The Obsession with True Crime

todayMay 20, 2021 105 1

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By Lea Mercado
Web Content Contributor

What started as a small Mukbang channel has evolved into an entire true crime empire, as Youtube personality, Stephanie Soo, discusses real-life tragedies and cold cases with over two million viewers. 

I first came across Soo’s channel over a year ago during my sophomore year. I was immediately drawn in by her gentle and comedic delivery of harrowing realities. Now, I find myself recalling details of unsolved mysteries and various serial killer facts.

Despite the recent increase in popularity, I began worrying about being interested in the stories. What is so intriguing about the deep dark depths of true crime? 

The fascination has surged since podcasts have taken over streaming on major platforms such as iTunes and Spotify. Podcasts such as Rotten Mango and Crime Junkie pull in millions of listeners, and most of them are women. 

Spotify quickly realized this listener engagement trend and published an article in early 2020 discussing the various factors that cause women to be so intrigued by true crime podcasts. According to the report, the most significant driving factor is that women want to understand the killer’s psychology. It is believed that if the psychology of a killer could be understood, then there is a way to stay ahead of the crime and prevent ever being a victim. 

Another reason that true crime has become so popular is that it is finally widely accessible. Ever since Netflix released “Conversations with a Killer: The Ted Bundy Tapes,” viewers have only shown more of a demand for documentaries, and Netflix has been happy to meet it by featuring over 25 shows and movies. In contrast to 15 years ago when taboo subjects were confined to novels and biographies.  

True crime has not only become a part of pop culture, but the “crime junkie” community has grown and strengthened significantly. With so many like-minded individuals and riveting crime case details, some true crime fans have even gone on to solve crimes themselves, like in the Netflix docuseries, “Don’t F**k with Cats.” The series follows two Facebook group members who took it upon themselves to bring down a serial killer based on information from the internet.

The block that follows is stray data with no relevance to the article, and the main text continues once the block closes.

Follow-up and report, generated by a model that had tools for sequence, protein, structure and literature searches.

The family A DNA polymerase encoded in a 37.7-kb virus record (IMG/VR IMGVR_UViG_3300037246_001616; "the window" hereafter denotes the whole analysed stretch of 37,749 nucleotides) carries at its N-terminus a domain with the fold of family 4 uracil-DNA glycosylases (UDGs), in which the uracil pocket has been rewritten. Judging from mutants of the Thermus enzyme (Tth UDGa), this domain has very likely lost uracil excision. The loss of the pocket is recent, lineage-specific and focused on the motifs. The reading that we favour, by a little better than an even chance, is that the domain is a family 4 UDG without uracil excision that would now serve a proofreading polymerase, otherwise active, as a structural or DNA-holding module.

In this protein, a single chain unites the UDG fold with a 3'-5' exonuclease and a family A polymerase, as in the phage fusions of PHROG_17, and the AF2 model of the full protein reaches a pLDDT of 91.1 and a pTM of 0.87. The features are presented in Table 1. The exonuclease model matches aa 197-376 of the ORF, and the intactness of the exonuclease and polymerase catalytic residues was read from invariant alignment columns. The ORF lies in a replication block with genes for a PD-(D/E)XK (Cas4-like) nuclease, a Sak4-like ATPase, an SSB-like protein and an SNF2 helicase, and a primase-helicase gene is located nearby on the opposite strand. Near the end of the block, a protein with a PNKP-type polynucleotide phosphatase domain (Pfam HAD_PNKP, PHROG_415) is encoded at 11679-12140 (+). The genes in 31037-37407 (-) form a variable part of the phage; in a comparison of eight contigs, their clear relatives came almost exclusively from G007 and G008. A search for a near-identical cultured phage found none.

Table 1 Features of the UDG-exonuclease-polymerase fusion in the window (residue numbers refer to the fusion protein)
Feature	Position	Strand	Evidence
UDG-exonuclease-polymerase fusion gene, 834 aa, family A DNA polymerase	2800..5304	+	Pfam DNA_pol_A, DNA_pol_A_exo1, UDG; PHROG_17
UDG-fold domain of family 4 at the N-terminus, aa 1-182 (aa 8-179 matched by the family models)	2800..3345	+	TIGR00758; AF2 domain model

True crime podcasts are not just limited to discussing the crime itself; many of these storytellers explore various aspects of law, psychology, sociology and medicine. The true-crime genre covers a broad area of the criminal justice system. From the investigative interviews, forensics and the court battle, listeners engage with the story based on intense sympathy and pursuit for justice.  

Over time, I realized that my fascination does not revolve around a specific evil individual or the retelling of tragedies. Instead, I was interested in the community and research element of these stories. Humans are complex, and it is natural to want to understand the reason behind abnormal behavior. By doing so, that is how we create a more empathetic and well-educated social environment. 

That being said, there is only one final reminder to mentioned… favoring serial killers is still NOT okay!

Featured Image by Lea Mercado 

Written by: ktsw899

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  1. bluecat57 on May 21, 2021

    I would counter that the obsession is with fictional and fictionalized crime.
    Learning about true crime is a beneficial pursuit.

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